properties of his different natures in the same person, which depends
    thereon, whence it is that God laid down his life for us, and
    purchased his church with his own blood? In these things, O vain man!
    does the loveliness of the person of Christ unto the souls of
    believers consist, and not in those strokes of art which fancy has
    guided a skillful hand and pencil unto. And what eye of flesh can
    discern the inhabitation of the Spirit in all fullness in the human
    nature? Can his condescension, his love, his grace, his power, his
    compassion, his offices, his fitness and ability to save sinners, be
    deciphered on a tablet, or engraven on wood or stone? However such
    pictures may be adorned, however beautified and enriched, they are not
    that Christ which the soul of the spouse does love;--they are not any
    means of representing his love unto us, or of conveying our love unto
    him;--they only divert the minds of superstitious persons from the Son
    of God, unto the embraces of a cloud, composed of fancy and

    Others there are who abhor these idols, and when they have so done,
    commit sacrilege. As they reject images, so they seem to do all love
    unto the person of Christ, distinct from other acts of obedience, as a
    fond imagination. But the most superstitious love unto Christ--that
    is, love acted in ways tainted with superstition--is better than none
    at all. But with what eyes do such persons read the Scriptures? With
    what hearts do they consider them? What do they conceive is the
    intention of the Holy Ghost in all those descriptions which he gives
    us of the person of Christ as amiable and desirable above all things,
    making wherewithal a proposal of him unto our affections--inciting us
    to receive him by faith, and to cleave unto him in love? yea, to what
    end is our nature endued with this affection--unto what end is the
    power of it renewed in us by the sanctification of the Holy Spirit--if
    it may not be fixed on this most proper and excellent object of it?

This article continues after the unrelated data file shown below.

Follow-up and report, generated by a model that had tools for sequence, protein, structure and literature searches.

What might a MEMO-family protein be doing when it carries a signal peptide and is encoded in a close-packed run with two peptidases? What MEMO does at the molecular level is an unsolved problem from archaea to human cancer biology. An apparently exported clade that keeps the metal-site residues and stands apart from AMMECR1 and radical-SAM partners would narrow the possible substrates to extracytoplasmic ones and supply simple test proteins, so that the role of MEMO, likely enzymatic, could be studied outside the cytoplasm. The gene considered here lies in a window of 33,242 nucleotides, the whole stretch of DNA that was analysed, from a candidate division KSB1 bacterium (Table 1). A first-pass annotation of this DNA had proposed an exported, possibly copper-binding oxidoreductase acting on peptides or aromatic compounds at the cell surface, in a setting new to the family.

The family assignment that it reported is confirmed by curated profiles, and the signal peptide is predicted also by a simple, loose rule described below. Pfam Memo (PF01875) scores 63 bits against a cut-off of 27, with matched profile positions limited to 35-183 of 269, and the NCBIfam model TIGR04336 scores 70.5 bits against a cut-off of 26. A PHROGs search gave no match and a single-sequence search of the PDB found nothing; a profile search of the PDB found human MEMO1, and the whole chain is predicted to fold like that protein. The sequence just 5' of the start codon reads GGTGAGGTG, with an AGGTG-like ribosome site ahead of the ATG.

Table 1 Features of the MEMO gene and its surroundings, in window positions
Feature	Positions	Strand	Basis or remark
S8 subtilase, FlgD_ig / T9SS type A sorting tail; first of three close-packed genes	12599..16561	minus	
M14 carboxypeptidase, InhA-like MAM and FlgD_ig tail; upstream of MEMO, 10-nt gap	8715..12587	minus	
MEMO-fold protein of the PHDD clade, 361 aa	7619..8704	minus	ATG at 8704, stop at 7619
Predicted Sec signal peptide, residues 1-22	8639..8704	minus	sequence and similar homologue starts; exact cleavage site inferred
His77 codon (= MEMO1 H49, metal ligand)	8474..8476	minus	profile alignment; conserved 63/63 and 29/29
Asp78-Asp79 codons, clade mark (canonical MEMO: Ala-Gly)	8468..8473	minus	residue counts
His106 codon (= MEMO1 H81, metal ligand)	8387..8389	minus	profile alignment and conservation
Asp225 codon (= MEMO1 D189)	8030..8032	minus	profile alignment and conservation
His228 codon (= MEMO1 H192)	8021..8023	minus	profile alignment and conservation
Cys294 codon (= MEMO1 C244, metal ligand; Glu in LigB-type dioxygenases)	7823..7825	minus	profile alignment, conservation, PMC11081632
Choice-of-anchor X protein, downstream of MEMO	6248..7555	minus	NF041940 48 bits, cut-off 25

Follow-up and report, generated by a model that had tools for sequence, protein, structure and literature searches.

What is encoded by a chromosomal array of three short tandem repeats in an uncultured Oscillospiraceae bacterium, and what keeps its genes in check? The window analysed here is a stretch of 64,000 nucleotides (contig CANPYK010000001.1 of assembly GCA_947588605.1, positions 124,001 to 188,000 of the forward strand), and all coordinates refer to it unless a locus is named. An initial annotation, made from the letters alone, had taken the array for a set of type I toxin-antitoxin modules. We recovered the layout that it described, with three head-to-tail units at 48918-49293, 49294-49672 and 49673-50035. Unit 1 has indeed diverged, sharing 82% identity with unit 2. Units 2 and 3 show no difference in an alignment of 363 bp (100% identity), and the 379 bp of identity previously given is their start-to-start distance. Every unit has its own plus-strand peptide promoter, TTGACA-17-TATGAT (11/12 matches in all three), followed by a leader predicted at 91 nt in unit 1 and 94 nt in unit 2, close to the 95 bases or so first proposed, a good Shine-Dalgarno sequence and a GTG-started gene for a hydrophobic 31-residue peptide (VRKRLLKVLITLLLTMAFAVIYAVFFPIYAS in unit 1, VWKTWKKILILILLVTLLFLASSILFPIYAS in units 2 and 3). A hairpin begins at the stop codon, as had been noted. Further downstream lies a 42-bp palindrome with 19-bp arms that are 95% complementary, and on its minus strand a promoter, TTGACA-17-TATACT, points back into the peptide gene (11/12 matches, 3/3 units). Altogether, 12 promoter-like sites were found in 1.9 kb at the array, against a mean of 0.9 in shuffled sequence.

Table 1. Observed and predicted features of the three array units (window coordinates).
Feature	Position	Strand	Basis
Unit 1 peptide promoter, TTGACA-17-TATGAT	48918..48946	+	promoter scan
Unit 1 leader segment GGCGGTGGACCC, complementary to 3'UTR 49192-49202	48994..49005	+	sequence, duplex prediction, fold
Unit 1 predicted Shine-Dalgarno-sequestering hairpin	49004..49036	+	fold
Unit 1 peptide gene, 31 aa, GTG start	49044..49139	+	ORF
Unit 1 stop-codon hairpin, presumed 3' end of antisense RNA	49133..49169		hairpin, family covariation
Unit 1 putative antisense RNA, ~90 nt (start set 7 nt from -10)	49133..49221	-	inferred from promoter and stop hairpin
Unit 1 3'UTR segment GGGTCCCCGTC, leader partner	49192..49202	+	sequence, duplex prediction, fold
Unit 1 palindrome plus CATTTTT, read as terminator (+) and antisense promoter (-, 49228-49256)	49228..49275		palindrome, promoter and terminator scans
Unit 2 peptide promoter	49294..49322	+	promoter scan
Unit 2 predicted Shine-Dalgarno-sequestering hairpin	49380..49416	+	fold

This is the foundation of our love unto Christ namely, the revelation
    and proposal of him unto us in the Scripture as altogether lovely. The
    discovery that is made therein of the glorious excellencies and
    endowments of his person--of his love, his goodness, and grace--of his
    worth and work--is that which engageth the affections of believers
    unto him. It may be said, that if there be such a proposal of him made
    unto all promiscuously, then all would equally discern his amiableness
    and be affected with it, who assent equally unto the truth of that
    revelation. But it has always fallen out otherwise. In the days of his
    flesh, some that looked on him could see neither "form nor comeliness"
    in him wherefore he should be desired; others saw his glory--"glory as
    of the only-begotten of the Father, full of grace and truth". To some
    he is precious; unto others he is disallowed and rejected--a stone
    which the builders refused, when others brought it forth, crying,
    "Grace, grace unto it" as the head of the corner. Some can see nothing
    but weakness in him; unto others the wisdom and power of God do
    evidently shine forth in him. Wherefore it must be said, that
    notwithstanding that open, plain representation that is made of him in
    the Scripture, unless the holy Spirit gives us eyes to discern it, and
    circumcise our hearts by the cutting off corrupt prejudices and all
    effects of unbelief, implanting in them, by the efficacy of his grace,
    this blessed affection of love unto him, all these things will make no
    impression on our minds.

    As it was with the people on the giving of the law, notwithstanding
    all the great and mighty works which God had wrought among them, yet
    having not given them "a heart to perceive, and eyes to see, and ears
    to hear"--which he affirms that he had not done, Deut. 29: 4,--they
    were not moved unto faith or obedience by them; so is it in the
    preaching of the gospel. Notwithstanding all the blessed revelation
    that is made of the excellencies of the person of Christ therein, yet
    those into whose hearts God does not shine to give the knowledge of
    his glory in his face, can discern nothing of it, nor are their hearts
    affected with it.

    We do not, therefore, in these things, follow "cunningly-devised
    fables." We do not indulge unto our own fancies and imaginations;--
    they are not unaccountable raptures or ecstasies which are pretended
    unto, nor such an artificial concatenation of thoughts as some
    ignorant of these things do boast that they can give an account of.
    Our love to Christ ariseth alone from the revelation that is made of
    him in the Scripture is ingenerated, regulated, measured, and is to be
    judged thereby.